So now the billions Iran received from Obama have been rendered down to millions. And given all the country’s internal woes, they will be forced to re-evaluate the amount of money the can continue to pour into Syria and elsewhere.

Meanwhile organizations like the NCRI and MEK continue to create chaos internally. Look at the trucker’s strike:

July 25, 2018 – The new round of the truck drivers’ strike entered its third consecutive day on Wednesday.

To this day a total of 85 cities in 25 provinces have joined this strike.

Truck drivers in various parts of Tehran and the cities of Isfahan, Najaf Abad, Karaj, Bandar Abbas, Saveh, Khaf, Zanjan, Semnan, Shahroud, Shiraz, Farrokhshah, Kermanshah, Kerman, Zahedan, Malayer, Khorramshahr, Khorramabad, Bojnurd, Yazd, Port Khomeini, Shahr-e Kord, Khur Mousa, Abdulkhan and dozens of other cities have truck drivers on strike.

Authorities in Kermanshah were pressuring truck drivers to end their strike, only to face stiff resistance by their part. Intelligence agents and police officers in this city began taking stripping license plates off parked trucks in order to force the drivers to end their strike. The family members of the truck drivers began protesting these illegal measures.

In Mashhad, the loading terminal station was completely empty and no truck was at the scene to deliver any goods.

Truck drivers in Isfahan were seen protesting those drivers breaking their ranks, demanding they continue their strike.

This new round of the truckers’ strike began on Monday in many cities and towns across the country. Many provinces, including Tehran, East Azarbaijan, Kurdistan, Isfahan, Fars, Semnan, Qazvin, Kerman, Kermanshah, Lorestan, Central (Tehran), Khorasan Razavi, Chahar-Mahal & Bakhtiari, Khuzestan, and Hormozgan were scenes of such strikes.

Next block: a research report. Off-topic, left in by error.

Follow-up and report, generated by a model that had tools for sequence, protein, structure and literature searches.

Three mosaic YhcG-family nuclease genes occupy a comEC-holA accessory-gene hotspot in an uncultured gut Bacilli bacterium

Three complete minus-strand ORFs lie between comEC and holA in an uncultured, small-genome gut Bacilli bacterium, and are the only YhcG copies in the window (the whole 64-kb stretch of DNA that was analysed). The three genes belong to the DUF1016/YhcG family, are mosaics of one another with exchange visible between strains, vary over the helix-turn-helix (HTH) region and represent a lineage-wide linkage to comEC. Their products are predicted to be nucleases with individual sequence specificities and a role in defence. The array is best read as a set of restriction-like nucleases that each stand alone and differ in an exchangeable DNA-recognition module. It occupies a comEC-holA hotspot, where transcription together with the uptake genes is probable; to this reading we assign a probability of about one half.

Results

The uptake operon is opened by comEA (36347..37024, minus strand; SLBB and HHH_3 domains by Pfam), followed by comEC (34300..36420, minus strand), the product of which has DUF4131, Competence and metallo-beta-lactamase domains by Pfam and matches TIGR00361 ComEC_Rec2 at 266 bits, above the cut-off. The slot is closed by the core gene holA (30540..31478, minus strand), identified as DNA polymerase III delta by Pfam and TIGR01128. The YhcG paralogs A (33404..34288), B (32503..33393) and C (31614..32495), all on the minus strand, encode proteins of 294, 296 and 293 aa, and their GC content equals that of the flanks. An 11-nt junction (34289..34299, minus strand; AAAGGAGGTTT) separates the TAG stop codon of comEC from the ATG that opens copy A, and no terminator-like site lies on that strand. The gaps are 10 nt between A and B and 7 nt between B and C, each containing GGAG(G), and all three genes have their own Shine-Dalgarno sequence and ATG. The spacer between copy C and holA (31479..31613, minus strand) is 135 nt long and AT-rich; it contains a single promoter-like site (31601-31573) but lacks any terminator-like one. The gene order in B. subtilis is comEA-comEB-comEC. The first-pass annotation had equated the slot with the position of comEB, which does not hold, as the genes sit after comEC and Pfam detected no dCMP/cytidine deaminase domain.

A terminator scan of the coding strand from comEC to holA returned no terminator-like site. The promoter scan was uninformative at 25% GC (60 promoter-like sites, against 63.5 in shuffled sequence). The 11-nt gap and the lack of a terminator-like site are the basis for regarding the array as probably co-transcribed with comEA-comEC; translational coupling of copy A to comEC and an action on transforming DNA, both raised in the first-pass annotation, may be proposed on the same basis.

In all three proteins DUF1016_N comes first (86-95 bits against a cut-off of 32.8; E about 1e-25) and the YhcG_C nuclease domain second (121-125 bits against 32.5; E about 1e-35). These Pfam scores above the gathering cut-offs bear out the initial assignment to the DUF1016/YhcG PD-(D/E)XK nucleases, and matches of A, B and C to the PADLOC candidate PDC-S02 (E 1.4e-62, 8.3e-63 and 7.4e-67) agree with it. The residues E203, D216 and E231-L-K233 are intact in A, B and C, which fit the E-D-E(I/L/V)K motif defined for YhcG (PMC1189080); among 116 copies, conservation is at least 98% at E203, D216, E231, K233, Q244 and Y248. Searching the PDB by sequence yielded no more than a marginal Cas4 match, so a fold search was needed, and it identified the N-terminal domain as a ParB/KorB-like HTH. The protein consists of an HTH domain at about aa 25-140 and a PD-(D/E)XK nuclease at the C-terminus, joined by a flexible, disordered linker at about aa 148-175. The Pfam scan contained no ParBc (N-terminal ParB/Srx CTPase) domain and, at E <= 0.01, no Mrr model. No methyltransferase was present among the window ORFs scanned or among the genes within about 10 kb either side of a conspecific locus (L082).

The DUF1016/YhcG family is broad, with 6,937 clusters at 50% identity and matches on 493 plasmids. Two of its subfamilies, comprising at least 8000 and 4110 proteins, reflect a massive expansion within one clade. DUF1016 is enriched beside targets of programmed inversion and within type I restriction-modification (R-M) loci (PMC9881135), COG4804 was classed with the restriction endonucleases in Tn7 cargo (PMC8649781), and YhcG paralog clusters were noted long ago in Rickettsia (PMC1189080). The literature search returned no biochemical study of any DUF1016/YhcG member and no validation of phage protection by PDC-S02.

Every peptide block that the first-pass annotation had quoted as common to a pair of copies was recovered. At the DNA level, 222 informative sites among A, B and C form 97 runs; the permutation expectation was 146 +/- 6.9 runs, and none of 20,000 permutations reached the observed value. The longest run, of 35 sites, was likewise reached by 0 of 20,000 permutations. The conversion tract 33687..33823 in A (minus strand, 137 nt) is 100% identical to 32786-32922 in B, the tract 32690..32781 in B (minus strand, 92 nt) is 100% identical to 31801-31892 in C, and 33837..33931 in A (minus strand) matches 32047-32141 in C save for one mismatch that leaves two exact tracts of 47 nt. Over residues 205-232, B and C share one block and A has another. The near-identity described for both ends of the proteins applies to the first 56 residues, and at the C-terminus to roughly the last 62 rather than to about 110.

Two months ago the truckers strike lasted around two weeks, engulfing all 31 provinces of Iran. The drivers were refusing any loads and protesting their poor living conditions, low wages, high logistical costs, and vehicle leases

And what of this message from Iran’s supreme leader, threatening dissidents:

Soleimani on Thursday expressed his fear of the PMOI’s role and the President elect of the Iranian Resistance, and described US policy toward Iran as being reliant only on the PMOI and Maryam Rajavi. With this, Soleimani expressed his fear of the rising credibility of the Resistance inside and outside Iran, as well as the regime’s fear of increasing international pressure and isolation.

Furthermore, he said “We are closer to you than what you think, remember that the Quds Force and I, and not the entirety of our armed forces are your opponent. You know how powerful Iran is in unconventional wars.”

“There is not a single night that we go to bed without thinking of your destruction,” he added.

Clearly the Iranian leadership worries about what might happen next.

From this vantage point, it’s evident that things have changed in Iran. The idea of President Trump even tangentially mentioning that he will meet with Iran, signals to me that he has received back-channel communications requesting as much.

Oil to hold steady into 2019 as OPEC, U.S. compensate for supply hitches

July 31, 2018

FILE PHOTO: A pump jack operates at a well site leased by Devon Energy Production Company near Guthrie, Oklahoma September 15, 2015. REUTERS/Nick Oxford/File Photo

July 31, 2018 By Sumita Layek One America News Network

Source Link:
Oil to hold steady into 2019 as OPEC, U.S. compensate for supply hitches

Bonus Link:
Tehran: Trump Wrong to Expect Saudis to Cover Loss of Iran Oil Supply

{There you have it folks. Iran’s feeble attempt to hold the world hostage with its oil is now moot. See the companion article below and in the Bonus Link. – LS}

Oil prices are likely to hold fairly steady this year and next as increased output from OPEC and the U.S. meets growing demand led by Asia and helps to offset supply disruptions from Iran and elsewhere, a Reuters poll showed on Tuesday.

A survey of 44 economists and analysts forecast Brent crude to average $72.87 a barrel in 2018, 29 cents higher than the $72.58 projected in the previous month’s poll and above the $71.68 average so far this year.

U.S. crude futures were seen averaging $67.32 a barrel in 2018, compared with $66.79 forecast last month and an average of $66.16 until now.

This is the 10th consecutive month in which analysts have raised their oil price forecasts.

“We expect prices will largely remain range-bound in the second half of 2018 and 2019. On the one hand, robust U.S. shale production and market concerns over the brewing U.S.-China trade war will help keep a lid on prices,” said Cailin Birch, an analyst at the Economist Intelligence Unit.